Engine Hyundai D4BH

The 2.5-liter Hyundai D4BH diesel engine has been assembled by the Korean concern since 1997 and is known from the Galloper and Terrakan SUVs, as well as the H1 and Starex minibuses. This power unit was a clone of the Mitsubishi 4D56 turbocharged diesel engine with an intercooler.

In 1997, a turbocharged engine with an intercooler appeared in the Hyundai diesel family, which in fact was only a clone of the well-known Mitsubishi 4D56 prechamber turbodiesel. There is a cast-iron cylinder block with an aluminum 8-valve head without hydraulic lifters, a timing belt drive and a fuel pump belt drive, as well as a block of a pair of balancers with its own belt. Turbines were installed on it differently, but most often Mitsubishi TD04-11G-4 or Garrett GT1749S.

This diesel engine has a huge number of models and modifications, many of which differ significantly.

This family also includes diesels: D4BA, D4BB and D4BF.

The engine was installed on:

  • Hyundai Galloper 2 (JK) in 1997 – 2003;
  • Hyundai Starex 1 (A1) in 1997 – 2007;
  • Hyundai Terracan 1 (HP) in 2001 – 2006.


Production years since 1997
Displacement, cc 2477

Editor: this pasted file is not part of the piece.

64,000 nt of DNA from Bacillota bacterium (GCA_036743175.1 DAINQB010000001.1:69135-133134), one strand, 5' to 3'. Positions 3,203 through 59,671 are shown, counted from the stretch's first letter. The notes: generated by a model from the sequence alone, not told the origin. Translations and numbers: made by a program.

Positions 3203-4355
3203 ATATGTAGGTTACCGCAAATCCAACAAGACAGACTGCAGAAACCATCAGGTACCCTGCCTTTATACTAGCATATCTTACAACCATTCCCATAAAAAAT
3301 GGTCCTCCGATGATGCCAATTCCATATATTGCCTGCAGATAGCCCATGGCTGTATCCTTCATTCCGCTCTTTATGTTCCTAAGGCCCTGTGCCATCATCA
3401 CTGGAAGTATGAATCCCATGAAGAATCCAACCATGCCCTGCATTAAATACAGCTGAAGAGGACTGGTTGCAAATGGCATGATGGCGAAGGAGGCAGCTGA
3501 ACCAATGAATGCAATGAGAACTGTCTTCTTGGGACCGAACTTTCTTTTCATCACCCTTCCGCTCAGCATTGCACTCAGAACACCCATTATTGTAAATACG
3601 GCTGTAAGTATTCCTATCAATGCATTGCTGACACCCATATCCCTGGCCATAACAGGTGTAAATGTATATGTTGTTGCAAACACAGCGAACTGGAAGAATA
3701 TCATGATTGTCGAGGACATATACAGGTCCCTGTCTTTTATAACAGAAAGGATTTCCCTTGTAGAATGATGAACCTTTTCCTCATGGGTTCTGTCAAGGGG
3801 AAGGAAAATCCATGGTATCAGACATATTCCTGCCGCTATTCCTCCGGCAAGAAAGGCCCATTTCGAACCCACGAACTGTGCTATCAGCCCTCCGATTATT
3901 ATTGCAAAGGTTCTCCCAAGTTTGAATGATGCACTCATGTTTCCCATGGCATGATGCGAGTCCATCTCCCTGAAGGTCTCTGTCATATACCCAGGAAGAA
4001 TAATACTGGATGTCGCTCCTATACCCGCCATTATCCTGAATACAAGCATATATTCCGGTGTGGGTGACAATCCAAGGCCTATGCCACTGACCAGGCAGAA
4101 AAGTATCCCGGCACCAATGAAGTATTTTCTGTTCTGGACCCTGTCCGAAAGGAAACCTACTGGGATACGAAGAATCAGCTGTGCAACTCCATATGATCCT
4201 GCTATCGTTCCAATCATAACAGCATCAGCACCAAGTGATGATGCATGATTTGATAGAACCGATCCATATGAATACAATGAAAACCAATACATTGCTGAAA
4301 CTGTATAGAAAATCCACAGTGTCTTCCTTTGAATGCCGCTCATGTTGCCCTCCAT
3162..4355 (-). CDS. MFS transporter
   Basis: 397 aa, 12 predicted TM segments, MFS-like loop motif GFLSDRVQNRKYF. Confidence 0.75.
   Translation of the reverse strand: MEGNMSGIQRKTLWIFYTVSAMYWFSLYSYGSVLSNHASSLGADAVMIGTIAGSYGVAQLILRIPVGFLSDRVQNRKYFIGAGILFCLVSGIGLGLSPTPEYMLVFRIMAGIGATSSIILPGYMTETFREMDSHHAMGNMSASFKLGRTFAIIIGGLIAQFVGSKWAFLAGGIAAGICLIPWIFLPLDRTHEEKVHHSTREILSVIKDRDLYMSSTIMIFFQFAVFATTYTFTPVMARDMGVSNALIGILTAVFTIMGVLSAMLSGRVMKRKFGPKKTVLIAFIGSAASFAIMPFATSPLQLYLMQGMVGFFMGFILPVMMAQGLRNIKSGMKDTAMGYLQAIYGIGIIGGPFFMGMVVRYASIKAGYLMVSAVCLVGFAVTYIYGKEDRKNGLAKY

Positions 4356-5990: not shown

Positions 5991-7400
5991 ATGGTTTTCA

Fuel system prechambers
Power output, hp 100 – 105
Torque output, Nm 225 – 240
Cylinder block cast iron R4
Block head aluminum 8v
Cylinder bore, mm 91.1
Piston stroke, mm 95
Compression ratio 21
Hydraulic lifters no
Timing drive belt
Turbocharging yes
Recommended engine oil 5W-40, 10W-40
Engine oil capacity, liter 7.2
Fuel type diesel
Euro standards EURO 2/3
Fuel consumption, L/100 km (for Hyundai Starex 2005)
— city
— highway
— combined
Engine lifespan, km ~450 000
Weight, kg 226.8

Disadvantages of the Hyundai D4BH engine

  • Despite the fact that the engine is equipped with a reliable Bosch VE injection pump of the distribution type, the most widespread problems of such diesel engines are associated with fuel system failures. Due to the use of low-quality fuel, the mechanical parts of the high-pressure fuel pump wear out and the unit does not start well when hot. For the same reason, the injector nozzles are changed.
  • According to the regulations, the timing belt is changed every 90,000 km, but often it breaks much earlier. All because it needs to be tightened every 30,000 km, but many people ignore the manual. Also, the balancer shaft belt often breaks and then it is sucked under the timing belt, which also breaks. It’s good that in most cases it only breaks the rocker.
  • Diesels of this line do not like overheating and the gasket breaks through them quite often, and replacing the gasket is not enough, you will have to grind the mating surfaces. In the most advanced cases, cracks appear between the valves and around the prechambers. Therefore, cylinder heads for such engines are very scarce and expensive.
  • We list the remaining breakdowns in a single list: oil constantly climbs from the oil seals, often cuts off the crankshaft key, which immediately stops the drive of attachments, and even with a very long movement at low speeds, the crankshaft can simply burst. And do not forget about the periodic adjustment of the valve clearance or they will simply burn out.

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